Traditional Jewish family life is often presented as a virtual utopia. Both popular presentations and even many scholarly descriptions offer an idyllic view that is overly based on rabbinic prescriptions rather than on a closer analysis of reality. One summary of the sentimental view put it as follows.
The traditional Jewish family consisted of a large nuclear core with strong
ties to the extended family. . . . Following marriage—usually at a very
young age—came the bearing of many children, who were named after
deceased relatives. The strong, caring wife generally stayed in the home,
often supplementing her husband's modest income through handiwork
or by running a shop. The husband simultaneously attended to both the
support of his family and his religious commitments to synagogue and
house of study.1
Marital fidelity and loving care of children were also significant components of this idealized portrait. Glikl bas Leib's autobiography, for example, presented a romantic portrait of devoted spouses, incessant anxieties on behalf of her children, and textbook piety toward religious values and commandments. Glikl's confirmation of the idyllic picture of family life may actually be one of the primary reasons for the tremendous current popularity of her autobiography.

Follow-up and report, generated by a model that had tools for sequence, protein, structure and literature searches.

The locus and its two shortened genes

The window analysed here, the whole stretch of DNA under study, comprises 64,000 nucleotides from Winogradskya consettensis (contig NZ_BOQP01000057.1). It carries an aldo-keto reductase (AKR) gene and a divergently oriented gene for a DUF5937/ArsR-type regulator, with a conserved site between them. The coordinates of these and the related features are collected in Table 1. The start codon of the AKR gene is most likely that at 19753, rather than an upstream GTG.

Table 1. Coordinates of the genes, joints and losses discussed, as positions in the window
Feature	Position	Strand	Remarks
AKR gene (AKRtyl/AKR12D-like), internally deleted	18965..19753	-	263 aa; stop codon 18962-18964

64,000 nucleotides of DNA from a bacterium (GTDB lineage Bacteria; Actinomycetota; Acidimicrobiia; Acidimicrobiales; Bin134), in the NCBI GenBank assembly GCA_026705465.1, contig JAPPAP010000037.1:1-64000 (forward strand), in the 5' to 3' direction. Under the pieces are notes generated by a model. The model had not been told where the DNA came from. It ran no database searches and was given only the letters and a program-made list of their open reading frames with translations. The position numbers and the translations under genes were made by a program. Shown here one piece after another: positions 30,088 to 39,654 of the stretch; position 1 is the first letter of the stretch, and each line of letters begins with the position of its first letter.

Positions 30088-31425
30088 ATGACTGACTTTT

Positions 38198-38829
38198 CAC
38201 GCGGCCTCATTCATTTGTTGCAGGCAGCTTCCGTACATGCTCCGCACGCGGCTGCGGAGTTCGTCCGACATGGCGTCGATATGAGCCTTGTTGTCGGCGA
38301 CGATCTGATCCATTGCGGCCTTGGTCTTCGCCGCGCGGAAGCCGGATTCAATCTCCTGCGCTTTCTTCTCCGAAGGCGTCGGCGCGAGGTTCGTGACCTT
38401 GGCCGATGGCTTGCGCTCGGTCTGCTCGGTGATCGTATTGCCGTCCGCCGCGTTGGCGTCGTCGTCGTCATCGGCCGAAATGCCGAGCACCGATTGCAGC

Other memoirs provide a much more varied portrait of Jewish family life. Testimonies from primary sources indicate that Jewish family life in Germany in early modern times also included instances of severe family strife, infidelity, physical abuse, and even rare cases of infanticide.
A cautionary note is in order, however. Historians, imbued with curiosity and a fascination with the dark side, can easily be drawn toward the negative, the hostile, the antinomian side of human behavior. In addition, deviant